(If I were insane.)

But, alas, I am not insane.

So I make the left, cross the creek. I must get the eggs.  

3 out of 53


ISSUE NO. 2 • Are we there yet?

All I can think about or talk to other people about is hating where I currently live and wanting to move to another area of the city. What neighborhood do you live in? I find myself asking strangers. Help me please!-- I’m trying to find my place.

“Are you staying in the city after graduation?” They always say.

You shrug and don’t say, “I feel suffocated and cry a lot. Can I get back to you?”

What you do say is, “If I can get a job.”

They don’t ask about your feelings regarding the Impending Doom. May 18th has become the 2012 of 2019.

On the subway, you are grateful to be stuck on the track in between stations. Perhaps the train will never move and you’ll be forced to stay in the subway car forever. You’ll have to choose a mate from the thirty other people and negotiate which seats will be your living quarters and the bedroom. You and the thirty other people will create some sort of democracy and hopefully not become so hungry you’ll have to eat each other. You avoid considering the long-term effects. You just want a few more minutes before you have to go to your internship.

You wish you lived in Queens and had a longer commute so you could have time to think.  When they ask you where you want to live you start to say “Astoria,” but then backtrack and say “I really don’t know. Maybe Brooklyn or Scotland or anywhere I don’t have to have blackout curtains and sleep with ear plugs.”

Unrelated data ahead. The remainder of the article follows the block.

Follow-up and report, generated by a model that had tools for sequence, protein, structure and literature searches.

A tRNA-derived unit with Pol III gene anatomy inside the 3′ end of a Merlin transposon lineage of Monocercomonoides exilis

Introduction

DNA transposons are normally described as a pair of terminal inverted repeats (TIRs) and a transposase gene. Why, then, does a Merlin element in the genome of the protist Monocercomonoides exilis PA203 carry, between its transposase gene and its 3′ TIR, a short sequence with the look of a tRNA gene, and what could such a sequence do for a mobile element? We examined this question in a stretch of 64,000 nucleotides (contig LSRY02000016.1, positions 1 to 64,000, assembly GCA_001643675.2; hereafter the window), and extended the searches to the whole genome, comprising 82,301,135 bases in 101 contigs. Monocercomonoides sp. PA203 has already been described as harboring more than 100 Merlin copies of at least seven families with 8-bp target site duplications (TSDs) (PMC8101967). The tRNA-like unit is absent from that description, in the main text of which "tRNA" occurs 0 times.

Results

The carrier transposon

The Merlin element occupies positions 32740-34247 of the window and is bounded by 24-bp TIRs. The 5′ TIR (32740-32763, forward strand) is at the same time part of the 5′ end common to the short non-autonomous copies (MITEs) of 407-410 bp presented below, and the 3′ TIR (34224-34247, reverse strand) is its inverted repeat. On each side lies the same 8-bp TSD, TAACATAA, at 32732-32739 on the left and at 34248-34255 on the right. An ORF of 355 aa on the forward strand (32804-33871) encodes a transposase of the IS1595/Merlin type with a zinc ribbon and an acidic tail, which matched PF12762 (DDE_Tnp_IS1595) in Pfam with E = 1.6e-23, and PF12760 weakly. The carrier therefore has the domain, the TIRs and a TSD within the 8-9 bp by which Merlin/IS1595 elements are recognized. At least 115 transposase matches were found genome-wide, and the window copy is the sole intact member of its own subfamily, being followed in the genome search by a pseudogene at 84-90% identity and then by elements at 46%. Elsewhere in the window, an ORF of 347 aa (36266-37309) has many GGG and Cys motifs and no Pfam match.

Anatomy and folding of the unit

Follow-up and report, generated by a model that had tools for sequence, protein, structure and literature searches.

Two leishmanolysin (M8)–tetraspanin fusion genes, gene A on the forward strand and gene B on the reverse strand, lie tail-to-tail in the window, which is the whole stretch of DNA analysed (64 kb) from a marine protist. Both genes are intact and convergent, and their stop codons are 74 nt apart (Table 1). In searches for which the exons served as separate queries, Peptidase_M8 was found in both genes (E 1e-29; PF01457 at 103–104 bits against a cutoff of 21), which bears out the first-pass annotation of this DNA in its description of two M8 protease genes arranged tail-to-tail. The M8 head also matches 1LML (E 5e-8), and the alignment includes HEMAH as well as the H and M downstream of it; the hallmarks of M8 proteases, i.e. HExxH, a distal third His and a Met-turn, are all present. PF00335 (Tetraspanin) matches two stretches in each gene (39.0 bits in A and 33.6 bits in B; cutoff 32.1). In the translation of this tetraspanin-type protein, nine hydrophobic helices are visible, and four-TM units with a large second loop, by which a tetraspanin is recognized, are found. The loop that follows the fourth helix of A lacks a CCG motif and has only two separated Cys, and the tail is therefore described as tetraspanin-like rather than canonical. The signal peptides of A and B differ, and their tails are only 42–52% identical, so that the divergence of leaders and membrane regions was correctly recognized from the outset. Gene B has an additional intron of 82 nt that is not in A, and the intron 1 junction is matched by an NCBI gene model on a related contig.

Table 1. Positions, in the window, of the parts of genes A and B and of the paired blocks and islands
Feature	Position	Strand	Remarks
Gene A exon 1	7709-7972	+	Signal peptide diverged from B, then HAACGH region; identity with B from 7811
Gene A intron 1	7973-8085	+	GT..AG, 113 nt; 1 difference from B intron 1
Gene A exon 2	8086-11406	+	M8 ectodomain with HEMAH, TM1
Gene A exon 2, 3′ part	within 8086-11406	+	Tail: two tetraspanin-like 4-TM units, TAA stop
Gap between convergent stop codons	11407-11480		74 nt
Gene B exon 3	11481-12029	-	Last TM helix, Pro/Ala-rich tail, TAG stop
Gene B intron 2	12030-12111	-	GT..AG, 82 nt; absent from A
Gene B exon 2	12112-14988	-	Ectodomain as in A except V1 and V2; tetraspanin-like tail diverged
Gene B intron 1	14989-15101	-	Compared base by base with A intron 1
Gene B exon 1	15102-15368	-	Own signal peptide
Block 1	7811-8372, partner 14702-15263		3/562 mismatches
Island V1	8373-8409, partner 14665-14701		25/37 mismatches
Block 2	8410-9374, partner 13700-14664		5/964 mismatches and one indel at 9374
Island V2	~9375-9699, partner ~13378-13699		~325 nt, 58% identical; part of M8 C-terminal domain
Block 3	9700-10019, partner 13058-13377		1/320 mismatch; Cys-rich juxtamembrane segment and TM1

According to the New York Daily News, Manhattan has 53 neighborhoods. You’ve lived in three over the course of four years. This is not typical. People usually move at least once a year if not more frequently in the city. You are about to move again. You are counting down the days.

At 22, you pretend you want permanence, but really you have severe unrest. You think you can always have better and so a year lease seems like an eternity and you just want the security and freedom of childhood back. You think about paying Con-Ed and it makes you want to vomit. You think about how much cable is and phone bills and you realize living the life you have now is pretty fucking impossible on the entry level job you are hoping to get. You know your parents can’t support you and you say you don’t want them to. But the truth is you are so scared of what it means to be on your own, truly on your own, in New York that you start to have fantasies about moving to the middle of nowhere. You decide Maine or Vermont or Northern California would do. You think about how sexy it would be to only see other people when you get into your car and drive twenty minutes to the nearest store. You think you might start getting into botany and how you could walk around naked and no one would see you because the closest neighbor is a mile away. You crave land. You crave space.

The train moves. You have one stop until you have to get off. You consider missing your stop accidentally on purpose and taking the train to the last stop in both directions.  They would probably notice that you didn’t show up at your internship because it’s not like you. You daydream about a world where no one checks up on you.

But you get off at 23rd street because you are already three minutes late and it’s embarrassing to be late when your commute is only eight minutes including walk time.

The Face of Rock

Julia Gagliardi


I live far away from my mother’s family, but I still seek out genealogical links. Places I yearn for I have never been, but more than often, have deep connections already existing.